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Global Beauty Industry Trends 2011

Carrie Lennard August 2011 issue of Skin Inc. magazine
skin care professional holding globe

With a return to pre-recession levels of spending and 5% value growth globally, 2010 marked a strong recovery for the beauty and personal care industry. Consumers flocked back to premium beauty, and most luxury brands found themselves in solid positive growth territory after poor performances in 2009. Following are the five key trends driving the growth of the global beauty industry in 2011.

1. Price points and brand positioning

Cosmetic companies are generally focusing on the mass market, thanks primarily to the increasing importance of Latin America, particularly in the area of fragrance, a category that is dominated by mass brands in the region. However, mass and masstige portfolios are also being developed in more mature and traditionally premium-dominated markets, such as Japan. It is important for skin care professionals to understand that this is a result of the growing perception among consumers that mass or the upper end of mass across categories, such as color cosmetics and skin care, may be able to deliver similar quality as their luxury counterparts. Be aware of this trend and be prepared to explain to clients and consumers alike what sets professional skin care products apart from the competition.

Although value growth is being driven by mass beauty, innovation is still most definitely being led by premium brands, including new mascara packaging formats in color cosmetics, as well as skin care ingredients. In 2010 and 2011, there have also been a number of high-profile acquisitions involving premium and professional lines. Super-premium brands retained their exclusivity and high pricing, with some putting in a consistently positive performance throughout the downturn as the spending levels of wealthy consumers remained largely resilient.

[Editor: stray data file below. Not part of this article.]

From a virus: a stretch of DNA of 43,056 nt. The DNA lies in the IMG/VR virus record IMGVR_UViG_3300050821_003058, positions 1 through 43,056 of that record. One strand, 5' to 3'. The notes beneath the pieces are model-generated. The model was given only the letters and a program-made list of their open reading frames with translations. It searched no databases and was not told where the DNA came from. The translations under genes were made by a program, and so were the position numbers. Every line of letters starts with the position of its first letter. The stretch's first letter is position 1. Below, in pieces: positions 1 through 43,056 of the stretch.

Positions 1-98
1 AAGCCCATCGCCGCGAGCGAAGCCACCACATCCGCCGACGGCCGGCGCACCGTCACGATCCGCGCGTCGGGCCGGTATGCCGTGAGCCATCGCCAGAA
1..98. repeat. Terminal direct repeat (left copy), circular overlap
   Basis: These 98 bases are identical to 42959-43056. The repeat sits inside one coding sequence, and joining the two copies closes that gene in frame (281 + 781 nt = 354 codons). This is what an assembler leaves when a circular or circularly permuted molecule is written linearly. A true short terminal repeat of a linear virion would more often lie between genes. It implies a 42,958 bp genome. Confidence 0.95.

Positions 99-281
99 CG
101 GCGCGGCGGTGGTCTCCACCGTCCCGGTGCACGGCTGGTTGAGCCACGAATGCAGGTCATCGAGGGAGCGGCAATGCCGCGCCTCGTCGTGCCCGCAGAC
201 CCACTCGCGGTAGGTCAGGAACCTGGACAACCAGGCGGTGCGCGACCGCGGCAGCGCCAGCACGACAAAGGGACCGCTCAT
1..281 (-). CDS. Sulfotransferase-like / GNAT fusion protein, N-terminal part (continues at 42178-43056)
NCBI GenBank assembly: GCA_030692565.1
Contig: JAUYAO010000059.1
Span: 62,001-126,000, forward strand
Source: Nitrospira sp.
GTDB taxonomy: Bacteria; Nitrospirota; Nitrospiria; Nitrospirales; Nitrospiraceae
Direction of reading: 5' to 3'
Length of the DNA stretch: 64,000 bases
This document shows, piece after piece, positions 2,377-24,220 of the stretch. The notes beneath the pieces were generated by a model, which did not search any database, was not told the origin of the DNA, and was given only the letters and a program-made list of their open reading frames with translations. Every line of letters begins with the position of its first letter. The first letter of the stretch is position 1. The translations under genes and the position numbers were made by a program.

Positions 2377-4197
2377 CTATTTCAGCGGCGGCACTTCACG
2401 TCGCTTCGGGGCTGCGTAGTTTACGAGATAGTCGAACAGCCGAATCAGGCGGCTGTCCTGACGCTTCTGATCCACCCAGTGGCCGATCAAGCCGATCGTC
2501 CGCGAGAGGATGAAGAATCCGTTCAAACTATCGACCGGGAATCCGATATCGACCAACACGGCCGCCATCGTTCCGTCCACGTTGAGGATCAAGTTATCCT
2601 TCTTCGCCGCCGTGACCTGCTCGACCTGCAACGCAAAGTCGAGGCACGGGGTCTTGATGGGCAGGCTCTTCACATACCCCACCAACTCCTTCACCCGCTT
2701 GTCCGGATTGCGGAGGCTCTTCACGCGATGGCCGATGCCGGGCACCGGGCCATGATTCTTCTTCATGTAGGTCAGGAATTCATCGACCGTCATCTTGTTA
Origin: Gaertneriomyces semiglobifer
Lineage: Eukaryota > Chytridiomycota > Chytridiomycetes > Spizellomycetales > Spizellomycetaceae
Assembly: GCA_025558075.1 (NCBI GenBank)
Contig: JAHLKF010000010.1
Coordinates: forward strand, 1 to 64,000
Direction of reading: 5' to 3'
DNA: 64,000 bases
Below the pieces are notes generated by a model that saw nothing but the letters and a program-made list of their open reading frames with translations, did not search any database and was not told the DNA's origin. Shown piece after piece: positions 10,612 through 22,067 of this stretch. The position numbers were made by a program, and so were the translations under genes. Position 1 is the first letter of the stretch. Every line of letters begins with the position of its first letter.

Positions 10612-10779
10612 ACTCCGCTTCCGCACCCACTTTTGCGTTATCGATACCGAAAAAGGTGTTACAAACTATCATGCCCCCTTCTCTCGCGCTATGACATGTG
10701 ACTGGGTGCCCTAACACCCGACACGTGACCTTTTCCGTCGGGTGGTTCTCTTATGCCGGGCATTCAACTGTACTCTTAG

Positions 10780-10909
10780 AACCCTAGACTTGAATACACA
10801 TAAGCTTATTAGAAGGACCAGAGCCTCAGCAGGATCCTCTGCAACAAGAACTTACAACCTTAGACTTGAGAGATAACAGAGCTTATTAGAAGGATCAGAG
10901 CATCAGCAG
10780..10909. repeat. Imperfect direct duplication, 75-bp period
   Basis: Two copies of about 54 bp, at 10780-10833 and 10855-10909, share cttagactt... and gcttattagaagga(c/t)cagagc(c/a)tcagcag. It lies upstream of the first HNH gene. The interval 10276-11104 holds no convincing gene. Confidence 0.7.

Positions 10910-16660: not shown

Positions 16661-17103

2. Time-saving and long-lasting

From the trend for at-home do-it-yourself beauty during the recession, two major diverging trends in terms of new product innovation have developed. Time-saving beauty is a theme in many new products, primarily as a response to demand from today’s time-poor consumers who want to cut the amount of time and money spent on their daily beauty or grooming routine. As a result, there has been much research and development focus on areas such as fast-drying nail polish and multifunctional products, such as 3-in-1 shower gel, facial wash and shaving foam for men or hybrid products for the face that incorporate elements of facial makeup, skin care and sun care.

Super long-lasting beauty is another overriding theme, because such products are seen as being hassle-free and a good value for money due to the need to apply them less often than their conventional counterparts. These include long-lasting lipsticks and nail polishes, and 24-hour moisturizing in skin care. It is common that clients allow a longer stretch between professional skin care treatments these days, so it is all the more important to provide home-care recommendations and options that will help them maintain the results of professional skin care treatments longer in the most convenient way possible. Do you have options in your retail area that fit this description, and are you working with clients to recommend the best home-care options for their needs?

3. The digital beauty experience

Although department stores performed marginally better during the previous year, Internet retail managed to achieve stronger absolute value growth to reach total beauty sales of just more than $11 billion in 2010. With e-tailers expanding their product ranges, including beauty, through acquisitions and product-specific landing pages, pressure on store- and spa-based retailers will only intensify.